Author: D. E. Meredith, 2011.
Genre: Historical Mystery. Victorian England. Forensics. Politics.
Other Details: Hardback. 335 pages.
July,1858. London swelters, and trouble is brewing. Forensic scientist Adolphus Hatton and his trusty assistant Albert Roumande have a morgue full of cholera victims to attend to, and an eager apprentice to teach. But alongside the cholera outbreak, London is also home to a growing unrest. When a leading politician of the Irish Unionist movement is murdered, the flamboyant Inspector Grey calls on Hatton and Roumande to help solve the case.
But Inspector Grey proves difficult to deal with – callous and hot-headed, he is determined to catch his criminals using any method, no matter how corrupt. When it becomes clear that they are dealing with a series of violent killings, Hatton and Roumande must attempt to find the connection between the victims – at the same time unravelling a bombing campaign by a group of would-be terrorists and exploring the method of fingerprinting, their newest forensic tool. And amongst all this, Professor Hatton finds himself dangerously distracted by a beautiful woman and painful memories from his past. - synopsis from UK publishers' website.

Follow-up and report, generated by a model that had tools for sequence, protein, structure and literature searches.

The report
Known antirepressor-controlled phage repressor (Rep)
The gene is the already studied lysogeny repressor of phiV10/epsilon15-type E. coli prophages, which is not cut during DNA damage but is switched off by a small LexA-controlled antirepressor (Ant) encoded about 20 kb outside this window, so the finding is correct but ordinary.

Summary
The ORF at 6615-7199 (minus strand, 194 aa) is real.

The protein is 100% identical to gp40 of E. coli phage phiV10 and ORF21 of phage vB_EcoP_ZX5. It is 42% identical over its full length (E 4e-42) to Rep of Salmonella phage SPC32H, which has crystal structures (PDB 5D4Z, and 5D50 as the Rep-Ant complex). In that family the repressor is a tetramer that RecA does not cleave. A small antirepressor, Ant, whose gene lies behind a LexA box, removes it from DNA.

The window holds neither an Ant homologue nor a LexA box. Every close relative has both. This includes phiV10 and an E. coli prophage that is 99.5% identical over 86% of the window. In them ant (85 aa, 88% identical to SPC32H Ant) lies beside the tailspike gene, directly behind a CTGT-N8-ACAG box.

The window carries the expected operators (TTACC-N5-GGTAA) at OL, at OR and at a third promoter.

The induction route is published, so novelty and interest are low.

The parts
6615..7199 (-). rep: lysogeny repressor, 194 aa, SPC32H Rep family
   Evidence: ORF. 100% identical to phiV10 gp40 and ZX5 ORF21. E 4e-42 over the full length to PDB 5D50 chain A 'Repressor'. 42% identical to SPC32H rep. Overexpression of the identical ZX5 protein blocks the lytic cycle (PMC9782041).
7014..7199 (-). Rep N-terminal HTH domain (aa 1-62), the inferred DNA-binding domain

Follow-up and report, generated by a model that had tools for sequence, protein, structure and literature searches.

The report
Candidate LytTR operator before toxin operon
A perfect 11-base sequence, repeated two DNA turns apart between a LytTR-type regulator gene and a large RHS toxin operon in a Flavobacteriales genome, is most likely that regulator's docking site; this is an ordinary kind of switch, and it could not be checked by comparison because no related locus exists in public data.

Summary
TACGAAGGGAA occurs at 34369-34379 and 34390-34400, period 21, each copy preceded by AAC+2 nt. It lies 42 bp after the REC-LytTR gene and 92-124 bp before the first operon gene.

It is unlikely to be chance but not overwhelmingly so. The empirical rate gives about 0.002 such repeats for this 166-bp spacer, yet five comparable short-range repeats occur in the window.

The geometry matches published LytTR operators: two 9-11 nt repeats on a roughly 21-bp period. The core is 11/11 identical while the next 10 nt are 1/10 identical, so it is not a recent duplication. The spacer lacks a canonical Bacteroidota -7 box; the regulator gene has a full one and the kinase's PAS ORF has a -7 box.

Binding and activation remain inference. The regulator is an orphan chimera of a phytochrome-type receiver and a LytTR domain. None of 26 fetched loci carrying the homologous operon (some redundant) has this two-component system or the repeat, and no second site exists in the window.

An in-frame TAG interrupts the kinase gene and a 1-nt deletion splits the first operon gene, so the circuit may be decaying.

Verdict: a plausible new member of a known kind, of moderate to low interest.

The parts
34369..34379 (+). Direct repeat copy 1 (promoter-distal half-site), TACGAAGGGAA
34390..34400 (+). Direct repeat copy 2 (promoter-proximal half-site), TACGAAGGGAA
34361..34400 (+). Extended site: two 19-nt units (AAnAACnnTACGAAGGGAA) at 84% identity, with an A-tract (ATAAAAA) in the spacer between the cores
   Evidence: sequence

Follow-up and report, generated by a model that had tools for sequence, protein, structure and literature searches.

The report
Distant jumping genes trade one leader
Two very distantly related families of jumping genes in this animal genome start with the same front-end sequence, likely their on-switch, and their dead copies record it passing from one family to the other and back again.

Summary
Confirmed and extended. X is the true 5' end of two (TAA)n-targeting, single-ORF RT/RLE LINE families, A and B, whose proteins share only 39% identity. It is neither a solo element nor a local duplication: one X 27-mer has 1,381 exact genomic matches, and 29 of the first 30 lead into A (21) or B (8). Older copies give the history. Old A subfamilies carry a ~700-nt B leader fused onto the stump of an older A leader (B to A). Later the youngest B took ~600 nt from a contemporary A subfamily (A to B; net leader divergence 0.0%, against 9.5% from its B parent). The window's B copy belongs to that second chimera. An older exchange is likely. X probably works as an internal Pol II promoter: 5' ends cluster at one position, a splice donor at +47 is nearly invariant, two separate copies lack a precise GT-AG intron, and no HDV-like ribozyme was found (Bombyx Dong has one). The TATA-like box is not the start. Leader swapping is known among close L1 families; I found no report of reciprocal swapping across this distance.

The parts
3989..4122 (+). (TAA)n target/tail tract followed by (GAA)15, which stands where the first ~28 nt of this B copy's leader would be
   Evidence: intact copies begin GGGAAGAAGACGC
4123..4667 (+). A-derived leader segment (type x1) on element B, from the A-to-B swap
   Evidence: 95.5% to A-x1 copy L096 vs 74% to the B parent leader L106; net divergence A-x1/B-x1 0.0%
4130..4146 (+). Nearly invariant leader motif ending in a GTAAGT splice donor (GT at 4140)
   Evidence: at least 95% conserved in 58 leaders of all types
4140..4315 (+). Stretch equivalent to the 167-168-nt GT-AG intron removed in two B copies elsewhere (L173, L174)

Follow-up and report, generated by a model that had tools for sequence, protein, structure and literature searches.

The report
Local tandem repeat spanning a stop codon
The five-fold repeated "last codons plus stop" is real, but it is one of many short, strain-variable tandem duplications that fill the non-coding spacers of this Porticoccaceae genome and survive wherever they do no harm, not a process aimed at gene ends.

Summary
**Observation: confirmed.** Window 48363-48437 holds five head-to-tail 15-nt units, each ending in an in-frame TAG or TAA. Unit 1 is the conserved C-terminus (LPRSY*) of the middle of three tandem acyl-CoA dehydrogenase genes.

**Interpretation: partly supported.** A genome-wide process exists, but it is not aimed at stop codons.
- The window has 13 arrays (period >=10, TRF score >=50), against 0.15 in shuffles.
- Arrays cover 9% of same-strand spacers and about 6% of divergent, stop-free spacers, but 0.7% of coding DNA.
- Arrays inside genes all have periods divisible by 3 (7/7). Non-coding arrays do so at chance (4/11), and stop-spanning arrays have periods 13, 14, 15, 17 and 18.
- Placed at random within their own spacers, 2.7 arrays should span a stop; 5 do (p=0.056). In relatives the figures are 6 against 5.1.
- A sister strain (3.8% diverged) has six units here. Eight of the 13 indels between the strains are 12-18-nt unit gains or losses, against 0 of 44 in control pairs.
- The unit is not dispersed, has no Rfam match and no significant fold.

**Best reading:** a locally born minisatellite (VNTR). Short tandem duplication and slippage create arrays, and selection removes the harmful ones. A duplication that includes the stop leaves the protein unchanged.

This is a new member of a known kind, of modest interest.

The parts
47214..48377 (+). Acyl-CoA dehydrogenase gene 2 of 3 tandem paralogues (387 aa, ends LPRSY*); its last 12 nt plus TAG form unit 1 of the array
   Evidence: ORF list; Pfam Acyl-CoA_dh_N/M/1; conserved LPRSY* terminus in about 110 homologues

Although I had some reservations about Devoured, the first in this series, I am glad that I borrowed the second as it was stronger in terms of its pacing while retaining a highly detailed sense of the period setting and a cast of fascinating characters.
Here Meredith tackles the thorny issue of the conflict between the British and Irish as played out in Victorian London with a series of deaths with seemingly political motives. The conclusion came as a real surprise, which is always a treat, and I found that I enjoyed it very much.
There is no sign of a third book as yet though I hope she continues with with the series that she says readers describe as “Think CSI meets Sherlock Holmes….”. I would agree with this, which also makes my icon a perfect choice!
D. E. Meredith's page on 'The Devil's Ribbon' - includes download of first chapter and material on the Irish in 19th Century London.